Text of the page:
[1]Laura Lundy, ‘“Voice” Is Not Enough: Conceptualising Article 12 of the United Nations Convention on the Rights of the Child’ (2007) 33 British Educational Research Journal 927.
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[2]Lana Ray, ‘Deciphering the “Indigenous” in Indigenous Methodologies’ (2012) 8(1) AlterNative: An International Journal of Indigenous Peoples 85, 88, 88. See also Lester-Irabinna Rigney, ‘Indigenist Research and Aboriginal Australia’ in Julian Kunnie and Nomalungelo Ivy Goduka (eds), Indigenous Peoples’ Wisdom and Power: Affirming Our Knowledge Through Narratives (Ashgate Publishing, 2006) 32.
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[3]Martin Nakata, Disciplining the Savages: Savaging the Disciplines (Aboriginal Studies Press, 2007), chapter 11
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[4]Dawn Bessarab and Bridget Ng’andu, ‘Yarning about Yarning as a Legitimate Method in Indigenous Research’ (2010) 3(1) International Journal of Critical Indigenous Studies 37.
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[5]Melodie Bat et al, ‘Ethical Moves: Innovation in Qualitative Research: An Example of an Ethical and Effective Cross-Cultural Research Methodology Using Video’ (Paper presented at the AARE Annual Conference, Canberra, 2009); Inge Kral, ‘Plugged In: Remote Australian Indigenous Youth and Digital Culture’ (Working Paper No 69/2010, Centre for Aboriginal Economic Policy Research, May 2010).
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[6] Laura Lundy, ‘“Voice” is Not Enough: Conceptualising Article 12 of the United Nations Convention on the Rights of the Child’ (2007) 33(6) British Educational Research Journal 927, 932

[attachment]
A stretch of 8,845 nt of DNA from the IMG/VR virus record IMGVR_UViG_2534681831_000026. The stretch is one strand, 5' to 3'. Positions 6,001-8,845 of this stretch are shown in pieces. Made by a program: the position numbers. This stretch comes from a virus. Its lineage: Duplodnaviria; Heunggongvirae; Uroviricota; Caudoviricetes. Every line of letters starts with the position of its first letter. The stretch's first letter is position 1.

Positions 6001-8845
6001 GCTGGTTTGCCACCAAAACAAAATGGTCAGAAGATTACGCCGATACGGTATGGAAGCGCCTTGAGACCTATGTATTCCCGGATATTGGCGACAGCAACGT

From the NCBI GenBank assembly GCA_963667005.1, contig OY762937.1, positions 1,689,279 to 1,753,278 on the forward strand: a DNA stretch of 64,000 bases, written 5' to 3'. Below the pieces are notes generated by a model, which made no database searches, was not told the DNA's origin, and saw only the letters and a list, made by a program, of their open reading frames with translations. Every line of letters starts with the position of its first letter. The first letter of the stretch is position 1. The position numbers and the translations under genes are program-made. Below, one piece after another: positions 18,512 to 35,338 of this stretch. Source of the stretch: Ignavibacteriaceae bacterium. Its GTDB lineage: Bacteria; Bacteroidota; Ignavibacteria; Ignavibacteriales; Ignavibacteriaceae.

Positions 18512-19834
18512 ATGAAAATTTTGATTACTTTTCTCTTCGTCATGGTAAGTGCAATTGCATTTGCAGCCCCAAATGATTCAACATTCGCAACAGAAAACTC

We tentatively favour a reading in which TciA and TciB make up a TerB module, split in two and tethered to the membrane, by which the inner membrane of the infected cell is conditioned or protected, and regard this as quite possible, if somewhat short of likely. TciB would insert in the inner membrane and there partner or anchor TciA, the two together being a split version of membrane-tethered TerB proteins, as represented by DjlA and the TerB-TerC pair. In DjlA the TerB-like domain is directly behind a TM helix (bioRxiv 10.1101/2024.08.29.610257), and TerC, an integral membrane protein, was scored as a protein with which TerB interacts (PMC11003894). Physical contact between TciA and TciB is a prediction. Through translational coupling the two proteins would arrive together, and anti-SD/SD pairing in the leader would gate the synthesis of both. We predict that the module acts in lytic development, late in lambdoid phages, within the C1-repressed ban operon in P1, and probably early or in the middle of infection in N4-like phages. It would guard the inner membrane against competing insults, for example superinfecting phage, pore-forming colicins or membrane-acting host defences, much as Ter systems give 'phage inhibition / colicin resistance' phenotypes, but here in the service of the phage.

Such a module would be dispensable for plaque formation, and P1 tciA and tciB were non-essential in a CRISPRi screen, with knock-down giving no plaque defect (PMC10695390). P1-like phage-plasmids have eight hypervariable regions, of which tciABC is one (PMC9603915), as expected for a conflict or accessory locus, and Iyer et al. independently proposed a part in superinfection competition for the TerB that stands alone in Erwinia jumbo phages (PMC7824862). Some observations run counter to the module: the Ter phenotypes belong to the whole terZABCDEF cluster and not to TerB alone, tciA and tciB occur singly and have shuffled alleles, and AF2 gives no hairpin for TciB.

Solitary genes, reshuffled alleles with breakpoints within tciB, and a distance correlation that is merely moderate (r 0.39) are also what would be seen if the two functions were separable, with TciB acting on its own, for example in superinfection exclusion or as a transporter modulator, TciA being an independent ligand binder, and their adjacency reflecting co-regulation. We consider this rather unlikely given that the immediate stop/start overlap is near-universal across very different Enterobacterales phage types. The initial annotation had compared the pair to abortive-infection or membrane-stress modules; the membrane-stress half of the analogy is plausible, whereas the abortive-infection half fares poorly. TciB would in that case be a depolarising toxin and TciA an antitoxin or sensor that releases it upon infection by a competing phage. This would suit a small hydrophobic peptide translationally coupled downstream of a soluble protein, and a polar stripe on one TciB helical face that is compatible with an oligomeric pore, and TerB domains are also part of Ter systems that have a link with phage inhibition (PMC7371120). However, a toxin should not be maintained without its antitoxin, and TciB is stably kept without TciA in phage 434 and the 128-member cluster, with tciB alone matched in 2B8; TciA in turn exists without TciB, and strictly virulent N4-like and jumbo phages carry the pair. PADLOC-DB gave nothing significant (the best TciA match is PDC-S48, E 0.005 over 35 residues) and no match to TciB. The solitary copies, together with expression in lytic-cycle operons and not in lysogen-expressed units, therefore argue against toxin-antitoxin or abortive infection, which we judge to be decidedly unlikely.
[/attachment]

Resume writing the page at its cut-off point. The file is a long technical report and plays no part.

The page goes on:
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[7]John Barker and Susie Weller, ‘“Is It Fun?” Developing Children Centred Research Methods’ (2003) 23(1/2) International Journal of Sociology and Social Policy 33, 33.
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[8]10-year-old male, Primary Class Group Discussion, Field Research Session 1 (of 4) (Northern Territory, 13 May 2014).
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[9] 10-year-old male, Primary Class Group Discussion, Field Research Session 1 (of 4) (Northern Territory, 13 May 2014).
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[10]14-year-old male, Secondary Class Group Discussion, Field Research Session 3 (of 4) (Northern Territory, 20 May 2014).
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[11] 10-year-old male, Primary Class Group Discussion, Field Research Session 1 (of 4) (Northern Territory, 13 May 2014
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[12]Stella Coram, ‘Rethinking Indigenous Research Approval: The Perspective of a “Stranger”’ (2011) 11(2) Qualitative Research Journal 38, 45.